Turn That Last Bit Of Leftover Christmas Turkey Into A Cheesy Casserole

Turn That Last Bit Of Leftover Christmas Turkey Into A Cheesy Casserole

If I had to pick one casserole to eat for the rest of my life, it would be chicken—or in this case, turkey—spaghetti. This thing is a cheesy, kitschy, condensed-soup-soaked masterpiece. It is a casserole in the truest sense of the word, and it is a great vehicle for even the saddest leftover turkey.

[referenced url=”https://www.lifehacker.com.au/2018/11/the-turducken-casserole-is-the-easier-way-to-eat-three-birds-at-once/” thumb=”https://i.kinja-img.com/gawker-media/image/upload/t_ku-large/k9rbynmfqavgwc7encrt.jpg” title=”The Turducken Casserole Is The Easier Way To Eat Three Birds At Once” excerpt=”I have made many a clever dinner in my day, but one thing I have never messed with is the turducken. Nothing against the excessive gluttony of it all — eating three birds at once actually sounds like fun — I just value my time, and deboning three birds just to re-form them around each other takes up too much of it. But by layering turkey, chicken, and duck in a casserole dish, we can get all three feathered friends in a single bite, without having to deal with too many bones.”]

You see, even if all you have left is the driest dregs of your Thanksgiving bird, those turkey bits will be rendered delicious by cream of mushroom, Rotel, and Velveeta. If you think you are too good for cream of mushroom, Rotel and Velveeta, you’re lying to yourself, and it’s only causing you pain. Let the processed, creamy, salty goodness of these canned scientific marvels comfort your tired body and soul. After the culinary home cook competition that is Thanksgiving, we all need a break, and there’s no shame in opening a can or three. (Note: If you are serving this to an Italian American or an Italian from Italy, do not call it “spaghetti” unless you want to hear “ok, but this isn’t spaghetti,” approximately 37 times in one evening.)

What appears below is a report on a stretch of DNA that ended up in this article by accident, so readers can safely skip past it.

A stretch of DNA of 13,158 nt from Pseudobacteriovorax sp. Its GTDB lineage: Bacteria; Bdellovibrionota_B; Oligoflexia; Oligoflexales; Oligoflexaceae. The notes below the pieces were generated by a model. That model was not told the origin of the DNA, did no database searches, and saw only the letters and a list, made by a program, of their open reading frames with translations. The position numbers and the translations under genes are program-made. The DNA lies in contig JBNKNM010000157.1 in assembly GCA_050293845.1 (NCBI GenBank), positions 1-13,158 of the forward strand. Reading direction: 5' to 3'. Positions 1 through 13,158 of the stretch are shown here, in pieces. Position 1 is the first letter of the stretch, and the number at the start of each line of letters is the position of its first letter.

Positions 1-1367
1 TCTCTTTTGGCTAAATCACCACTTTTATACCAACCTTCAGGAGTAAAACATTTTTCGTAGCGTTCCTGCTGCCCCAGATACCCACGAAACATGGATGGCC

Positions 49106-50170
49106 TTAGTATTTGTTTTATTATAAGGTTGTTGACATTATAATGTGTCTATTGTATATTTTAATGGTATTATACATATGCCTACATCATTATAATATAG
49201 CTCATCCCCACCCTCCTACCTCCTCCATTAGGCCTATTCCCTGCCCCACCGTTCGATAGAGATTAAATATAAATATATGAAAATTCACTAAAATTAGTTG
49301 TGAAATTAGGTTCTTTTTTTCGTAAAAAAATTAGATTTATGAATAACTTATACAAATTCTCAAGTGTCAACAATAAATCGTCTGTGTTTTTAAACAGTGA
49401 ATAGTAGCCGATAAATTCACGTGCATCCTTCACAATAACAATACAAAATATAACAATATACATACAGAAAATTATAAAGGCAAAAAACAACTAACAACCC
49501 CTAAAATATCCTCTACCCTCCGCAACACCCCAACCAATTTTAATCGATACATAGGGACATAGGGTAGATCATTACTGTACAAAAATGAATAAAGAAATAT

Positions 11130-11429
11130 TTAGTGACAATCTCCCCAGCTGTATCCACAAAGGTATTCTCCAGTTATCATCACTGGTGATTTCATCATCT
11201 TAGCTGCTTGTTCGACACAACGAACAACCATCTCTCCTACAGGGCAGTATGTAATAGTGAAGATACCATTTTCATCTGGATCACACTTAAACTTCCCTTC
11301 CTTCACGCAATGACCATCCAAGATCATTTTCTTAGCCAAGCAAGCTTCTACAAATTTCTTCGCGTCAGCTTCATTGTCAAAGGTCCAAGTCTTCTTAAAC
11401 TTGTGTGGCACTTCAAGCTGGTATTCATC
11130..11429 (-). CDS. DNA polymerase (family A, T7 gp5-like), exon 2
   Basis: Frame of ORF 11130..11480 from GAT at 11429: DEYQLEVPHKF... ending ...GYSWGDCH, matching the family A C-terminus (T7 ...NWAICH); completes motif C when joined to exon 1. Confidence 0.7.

As you have probably gathered, turkey spaghetti is very easy to make. You can use up to a pound of leftover turkey for every pound of pasta, but don’t worry if you only have a few handfuls of meat—the cheesy noodles are great on their own. To make it, you will need:

  • Up to 450g of leftover turkey, shredded

  • 450g of spaghetti noodles

  • 1 onion (You can also throw in some diced bell pepper, if you wish.)

  • 2 tablespoons of butter

  • 2 cans of cream of mushroom soup

  • 1 can diced tomatoes

  • Green chilies to taste

  • 340g of shredded tasty cheese

  • 2 teaspoons of seasoning salt

  • 1 cup sharp shredded cheddar

Cook the spaghetti in a big pot of salted water until the noodles are al dente. In the meantime, dice your onion and sauté it in two tablespoons of butter over medium heat until it is lightly caramelised. Set aside.

In a large sauce pan, combine condensed soup, diced tomatoes and chilies, and tasty cheese, and stir over medium heat until the cheese product is fully melted. This should not take long, as cheese is very prone to melting. Stir in the cooked noodles, turkey, and onion, and season with salt. Transfer everything to a greased 20 by 20cm casserole dish, top with shredded cheddar, and bake in a 350-degree oven until it’s heated through and the cheese has melted and slightly browned. Consume while watching Christmas movies in sweatpants.

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